Yesterday, in the middle of a busy work day, I saw a tweet that asked what RPGÂ I loved but never got to play. My answer was pretty much instant:Â Nephilim: Occult Roleplaying from Chaosium Games ((Yes, I know that the original version of the game was from French company Multisim. I can’t find any trace of them with a cursory Google search, though I do find French NephilimÂ pages. I don’t read French, though. Anyone know if they’re still around?)). I love the themes, the setting, the basic idea behind it all, the flavour of the magic, the emphasis on playing trulyÂ alien beings trapped amidst humanity… all of it.
What I don’t love about it is the system.
See, it uses BRP, which is fine. But I never found it a good fit. It became fairly complex in handling the three different types of magic in the game, and was just a little too crunchy for my taste in a game that dealt with so much magical thinking and arcane/hermetic symbolism. It always felt like a real break in mood to go from talking about the ritual for summoning Those Who Creep and Nibble to doing mechanical calculations of the various astrological influences to work out what bonuses and penalties you had on your percentile roll ((Did I mention that the way it handled magic got complicated?)).
As I said, I was in the middle of a busy work day, so I didn’t really respond to the tweet. But the idea ofÂ Nephilim kept rattling around in my head, pulling up the question, “If IÂ wereÂ to runÂ Nephilim ((“…which I would never do…”)), what system would I use?”
There are a few core elements that whatever I used would have to handle, and the central one is the character generation. When you create you character inÂ Nephilim, you do it by determining the string of different eras that they incarnated in, and what they learned in each one. What did you learn fighting in the Trojan War? How about in King Arthur’s Court? And leading a colonization attempt in the New World? That adds so much flavour to the game that I couldn’t ignore it.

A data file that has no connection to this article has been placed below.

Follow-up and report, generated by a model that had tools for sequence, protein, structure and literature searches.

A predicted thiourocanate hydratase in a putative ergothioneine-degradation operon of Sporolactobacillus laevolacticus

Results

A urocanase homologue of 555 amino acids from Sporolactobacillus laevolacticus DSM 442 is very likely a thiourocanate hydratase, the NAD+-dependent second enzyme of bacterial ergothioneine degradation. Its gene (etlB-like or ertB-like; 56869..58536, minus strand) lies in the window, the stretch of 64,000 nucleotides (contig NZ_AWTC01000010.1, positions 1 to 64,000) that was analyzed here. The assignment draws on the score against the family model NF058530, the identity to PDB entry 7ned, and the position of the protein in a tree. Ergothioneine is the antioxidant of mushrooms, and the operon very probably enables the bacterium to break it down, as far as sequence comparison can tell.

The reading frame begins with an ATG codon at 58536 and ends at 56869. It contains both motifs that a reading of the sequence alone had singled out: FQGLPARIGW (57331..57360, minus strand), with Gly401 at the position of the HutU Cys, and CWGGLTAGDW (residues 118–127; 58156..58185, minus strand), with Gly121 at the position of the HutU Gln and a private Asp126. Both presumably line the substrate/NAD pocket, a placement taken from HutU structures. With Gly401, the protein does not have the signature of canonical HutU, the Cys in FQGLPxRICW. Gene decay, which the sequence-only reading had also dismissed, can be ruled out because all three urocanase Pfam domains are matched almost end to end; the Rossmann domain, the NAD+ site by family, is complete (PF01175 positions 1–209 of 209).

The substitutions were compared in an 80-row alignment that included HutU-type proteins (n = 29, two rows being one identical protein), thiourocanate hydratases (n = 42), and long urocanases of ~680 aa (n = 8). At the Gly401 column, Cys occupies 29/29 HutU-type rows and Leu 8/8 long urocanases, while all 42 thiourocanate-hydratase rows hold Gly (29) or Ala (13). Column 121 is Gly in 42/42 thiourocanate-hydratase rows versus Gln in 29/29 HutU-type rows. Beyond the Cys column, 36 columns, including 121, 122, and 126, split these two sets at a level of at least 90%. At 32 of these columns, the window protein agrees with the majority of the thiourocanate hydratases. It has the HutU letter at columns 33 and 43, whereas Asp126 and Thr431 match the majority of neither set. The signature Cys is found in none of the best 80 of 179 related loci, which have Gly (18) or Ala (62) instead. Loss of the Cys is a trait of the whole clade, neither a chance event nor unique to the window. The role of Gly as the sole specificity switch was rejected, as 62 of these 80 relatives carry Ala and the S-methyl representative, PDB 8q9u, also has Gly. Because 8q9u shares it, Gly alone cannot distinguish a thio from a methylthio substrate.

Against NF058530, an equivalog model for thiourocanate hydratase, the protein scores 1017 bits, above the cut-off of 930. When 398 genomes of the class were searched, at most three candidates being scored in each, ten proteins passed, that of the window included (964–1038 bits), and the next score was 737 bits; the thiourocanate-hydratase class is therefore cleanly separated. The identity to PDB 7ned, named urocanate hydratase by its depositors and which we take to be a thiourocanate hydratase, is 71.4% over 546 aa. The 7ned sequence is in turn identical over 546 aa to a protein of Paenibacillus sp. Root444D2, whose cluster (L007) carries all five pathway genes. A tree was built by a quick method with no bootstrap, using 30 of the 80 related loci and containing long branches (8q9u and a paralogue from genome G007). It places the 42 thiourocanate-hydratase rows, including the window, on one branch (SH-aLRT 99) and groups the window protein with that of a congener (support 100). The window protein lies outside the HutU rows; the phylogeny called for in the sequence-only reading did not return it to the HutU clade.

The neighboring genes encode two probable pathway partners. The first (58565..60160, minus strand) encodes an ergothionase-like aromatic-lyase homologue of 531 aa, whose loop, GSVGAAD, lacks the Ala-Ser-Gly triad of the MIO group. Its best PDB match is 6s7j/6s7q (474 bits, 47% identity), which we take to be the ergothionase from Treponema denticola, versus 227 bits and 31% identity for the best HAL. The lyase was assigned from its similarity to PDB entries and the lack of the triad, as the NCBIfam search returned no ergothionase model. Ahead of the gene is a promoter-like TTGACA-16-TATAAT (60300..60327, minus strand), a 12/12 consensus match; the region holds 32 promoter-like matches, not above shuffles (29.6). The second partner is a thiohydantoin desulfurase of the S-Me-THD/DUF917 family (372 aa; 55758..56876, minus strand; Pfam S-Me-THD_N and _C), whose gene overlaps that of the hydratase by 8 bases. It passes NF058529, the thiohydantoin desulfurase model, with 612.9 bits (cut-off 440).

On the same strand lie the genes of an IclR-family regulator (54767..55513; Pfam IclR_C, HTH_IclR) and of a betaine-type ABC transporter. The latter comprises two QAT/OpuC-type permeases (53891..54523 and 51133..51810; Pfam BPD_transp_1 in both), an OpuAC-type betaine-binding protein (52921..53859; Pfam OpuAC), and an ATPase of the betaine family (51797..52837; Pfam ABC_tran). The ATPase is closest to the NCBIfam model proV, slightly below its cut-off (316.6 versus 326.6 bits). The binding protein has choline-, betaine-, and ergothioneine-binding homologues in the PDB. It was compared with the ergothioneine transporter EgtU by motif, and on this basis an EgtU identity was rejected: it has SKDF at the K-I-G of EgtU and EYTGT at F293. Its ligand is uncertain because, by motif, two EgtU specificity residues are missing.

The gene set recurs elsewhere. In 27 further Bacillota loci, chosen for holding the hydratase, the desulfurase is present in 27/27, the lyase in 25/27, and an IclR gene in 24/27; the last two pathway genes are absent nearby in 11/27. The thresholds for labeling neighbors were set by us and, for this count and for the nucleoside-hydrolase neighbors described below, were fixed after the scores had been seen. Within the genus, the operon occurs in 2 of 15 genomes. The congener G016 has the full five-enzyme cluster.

But modes inÂ Atomic Robo RPGÂ do pretty much the same job: they allow you to pick a few categories with set skill lists, and the various skill choices accumulate. That idea got me excited enough that I tweeted about it, and got a little bit of interest online. Enough to let me know that it wasn’t a bonehead idea ((Hey, if four Internet people agree with me about anything, I take it as divine revelation of truth.)). That told me that Fate Core would probably work. Which is handy, because I love that system ((Pure coincidence and no confirmation bias at all, I assure you.)).
This evening, I’ve been gathering myÂ NephilimÂ pdfs ((The books are all very worn and beat up. E-book are what I need for this part.)), and then I’m going to start creatingÂ Fate of the Nephilim.Â It’s going to be a long-ish project, but I’m strangely excited to do it. My first step is going to be going through theÂ Nephilim books and and making a list of all the things that I think are central enough to the heart of the game that I need to come up with a way to model them inÂ Fate. Then, tackle character creation. That’ll make or break my initial ideas – if I can get character creation to feel right, I’ll know I’m on the right track.
I’ve decided that I’m going to do this out in the open, here on my blog. This is for a fewÂ reasons:
- It’ll be extra motivation to keep at this and get it done.
- It’ll be a record of the project that will be safe as long as nothing happens to my domain.
- It’ll get me blogging again. I haven’t had much to say on the blog for a while ((ForÂ quite a while.)), but this is interesting to me and, hopefully, to others.
I hope you follow along my little experiment. I hope it’s interesting. I hope it works out. I’ll be back in a few days with that list I was mentioning.